" War has always been a compulsory form of education for the other guy."
Whatever the eventual outcome of the war in Viet Nam, historians may argue for years about just why the U.S. became involved. Marshall McLuhan, the 1960s' mystagogue of the media, has proposed something of an explanation—or at any rate, a suggestive metaphor for the collision that has occurred in Indochina.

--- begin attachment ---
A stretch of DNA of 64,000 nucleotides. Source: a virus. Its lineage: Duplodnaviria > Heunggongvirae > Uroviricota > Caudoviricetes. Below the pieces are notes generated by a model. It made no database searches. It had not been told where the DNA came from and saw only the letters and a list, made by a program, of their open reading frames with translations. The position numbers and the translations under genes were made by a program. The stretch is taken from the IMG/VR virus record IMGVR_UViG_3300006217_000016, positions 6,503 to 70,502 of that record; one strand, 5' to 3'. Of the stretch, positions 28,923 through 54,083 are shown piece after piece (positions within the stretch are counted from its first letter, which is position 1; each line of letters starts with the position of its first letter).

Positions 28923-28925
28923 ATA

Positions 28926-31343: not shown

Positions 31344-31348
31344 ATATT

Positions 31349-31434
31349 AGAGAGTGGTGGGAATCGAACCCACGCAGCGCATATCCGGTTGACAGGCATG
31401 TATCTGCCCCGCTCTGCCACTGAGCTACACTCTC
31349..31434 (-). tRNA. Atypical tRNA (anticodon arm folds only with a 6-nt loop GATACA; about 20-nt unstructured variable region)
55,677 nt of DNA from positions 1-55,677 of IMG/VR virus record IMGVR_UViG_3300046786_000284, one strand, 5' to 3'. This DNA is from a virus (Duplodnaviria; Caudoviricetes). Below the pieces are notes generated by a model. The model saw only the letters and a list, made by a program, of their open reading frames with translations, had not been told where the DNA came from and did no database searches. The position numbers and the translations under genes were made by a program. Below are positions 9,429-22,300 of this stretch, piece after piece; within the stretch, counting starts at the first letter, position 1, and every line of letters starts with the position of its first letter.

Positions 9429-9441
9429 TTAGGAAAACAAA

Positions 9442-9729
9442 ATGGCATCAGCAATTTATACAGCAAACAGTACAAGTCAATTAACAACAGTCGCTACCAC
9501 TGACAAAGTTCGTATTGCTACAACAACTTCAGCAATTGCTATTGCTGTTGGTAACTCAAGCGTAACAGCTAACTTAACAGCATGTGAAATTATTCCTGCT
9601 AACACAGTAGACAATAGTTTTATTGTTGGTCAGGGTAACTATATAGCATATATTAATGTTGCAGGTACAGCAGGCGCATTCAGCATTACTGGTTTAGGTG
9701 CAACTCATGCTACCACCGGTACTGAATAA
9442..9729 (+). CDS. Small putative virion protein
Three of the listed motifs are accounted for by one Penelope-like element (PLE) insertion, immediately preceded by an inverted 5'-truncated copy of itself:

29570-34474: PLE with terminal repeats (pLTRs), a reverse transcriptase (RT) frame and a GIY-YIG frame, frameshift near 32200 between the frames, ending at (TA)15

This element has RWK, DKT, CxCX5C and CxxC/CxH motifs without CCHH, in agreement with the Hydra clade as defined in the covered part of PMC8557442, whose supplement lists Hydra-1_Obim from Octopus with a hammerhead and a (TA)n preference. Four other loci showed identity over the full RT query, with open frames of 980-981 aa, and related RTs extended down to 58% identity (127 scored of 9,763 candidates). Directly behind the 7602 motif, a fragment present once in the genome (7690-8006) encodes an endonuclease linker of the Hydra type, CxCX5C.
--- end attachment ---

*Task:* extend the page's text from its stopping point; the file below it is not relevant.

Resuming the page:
By McLuhan's reasoning, "there are no raw materials in that area [Indochina] that could possibly tempt American imperialists, and there is no meaning to 'containment of Communism,' since Communism in Iowa and in Cairo and in Peking and in Moscow has totally different meanings." In an unpublished article, McLuhan sees Viet Nam as a "resonant interval" or a "massive interface between a Westernizing Orient and an Orientalizing West." The entire Western world, McLuhan argues, is now turning inward upon itself—in the old Oriental pattern—while the Orient "has been increasingly engaged in an outer trip, aided by Western technology." McLuhan believes that "as the complementary areas of the Orient and the Western world reverse their immemorial roles, the area of interface between them has necessarily become agitated in the extreme. Korea and Viet Nam and other 'trouble spots' could then be observed as intervals of dissonance, which actually manifest the perturbations originating elsewhere. These 'trouble spots,' then, are like the interval between the wheel and the axle; they are areas of touch and they are where the action is, but they are not the action itself. The real action is taking place inside the massive Oriental and Western entities, which are undergoing total revolution and reversal of roles at very high speeds."http://www.time.com/time/magazine/article/0,9171,878088,00.html